What better time to focus on working more brain-boosting foods into your family’s meal plan than June, which is Alzheimer’s and Brain Awareness Month? The new Cognition Kitchen guide is a free digital download that provides simple, science-based information along with 16 delicious recipes full of brain-healthy foods like wild blueberries, ﬁsh, nuts, and eggs. Check out the new free Cognition Kitchen guide here.
Great Taste and It’s Easy to Cook Fish and Seafood
Adding to the strong health beneﬁts of consuming ﬁsh and seafood, don’t ignore how easy ﬁsh and seafood are to prepare, and how delicious the resulting preparations are! For many years, retailers and supermarket dietitians have heard complaints from consumers that they don’t know how to cook ﬁsh. However, things are looking up! One of the silver linings of this past year of COVID isolation is an increase in sales of seafood at retail.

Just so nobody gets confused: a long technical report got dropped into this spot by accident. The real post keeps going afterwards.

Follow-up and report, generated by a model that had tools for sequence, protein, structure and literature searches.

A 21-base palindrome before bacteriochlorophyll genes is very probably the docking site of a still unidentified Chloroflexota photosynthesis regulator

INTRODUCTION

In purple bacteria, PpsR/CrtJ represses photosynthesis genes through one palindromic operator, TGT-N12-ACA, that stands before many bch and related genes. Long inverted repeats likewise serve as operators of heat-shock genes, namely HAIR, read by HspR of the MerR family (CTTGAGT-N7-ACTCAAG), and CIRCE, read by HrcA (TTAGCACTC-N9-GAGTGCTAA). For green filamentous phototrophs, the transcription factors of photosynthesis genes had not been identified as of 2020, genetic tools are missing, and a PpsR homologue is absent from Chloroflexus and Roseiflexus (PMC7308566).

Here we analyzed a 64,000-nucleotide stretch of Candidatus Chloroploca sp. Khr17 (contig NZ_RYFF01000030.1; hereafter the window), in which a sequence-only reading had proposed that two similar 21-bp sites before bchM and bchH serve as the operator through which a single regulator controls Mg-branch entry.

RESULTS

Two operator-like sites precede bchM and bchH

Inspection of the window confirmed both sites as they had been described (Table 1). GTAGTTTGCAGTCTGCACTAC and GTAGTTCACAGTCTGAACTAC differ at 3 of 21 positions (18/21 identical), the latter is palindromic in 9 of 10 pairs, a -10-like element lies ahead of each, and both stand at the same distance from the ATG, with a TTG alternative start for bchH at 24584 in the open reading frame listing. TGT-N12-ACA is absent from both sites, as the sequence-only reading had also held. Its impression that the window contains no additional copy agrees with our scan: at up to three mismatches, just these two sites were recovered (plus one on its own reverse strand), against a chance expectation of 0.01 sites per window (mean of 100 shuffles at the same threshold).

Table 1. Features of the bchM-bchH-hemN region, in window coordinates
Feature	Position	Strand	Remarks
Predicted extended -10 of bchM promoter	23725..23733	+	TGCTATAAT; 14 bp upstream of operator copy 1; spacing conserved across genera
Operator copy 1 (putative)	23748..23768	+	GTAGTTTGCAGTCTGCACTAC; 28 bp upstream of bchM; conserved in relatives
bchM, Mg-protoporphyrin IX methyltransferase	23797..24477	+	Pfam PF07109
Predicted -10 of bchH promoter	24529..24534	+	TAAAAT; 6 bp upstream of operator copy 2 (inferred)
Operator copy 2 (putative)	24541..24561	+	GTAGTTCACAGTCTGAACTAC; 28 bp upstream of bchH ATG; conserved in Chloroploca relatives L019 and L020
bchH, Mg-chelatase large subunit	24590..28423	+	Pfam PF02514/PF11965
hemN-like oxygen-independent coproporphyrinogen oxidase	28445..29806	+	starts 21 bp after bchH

In February 2021, the Food Marketing Institute (FMI) released a report, the 2021 Power of Seafood, which found the seafood department was a leading driver in the percentage of increased grocery sales in 2020 with a 28.4% increase in sales, which exceeded the sales growth of the produce, meat or deli departments. In total, seafood (fresh, frozen, canned, pouches, etc.) generated more than $16.6 billion in sales for food retailers in 2020. Insights from the report ﬁnd the biggest reason for increased seafood consumption is consumers are trying to eat healthier (59%).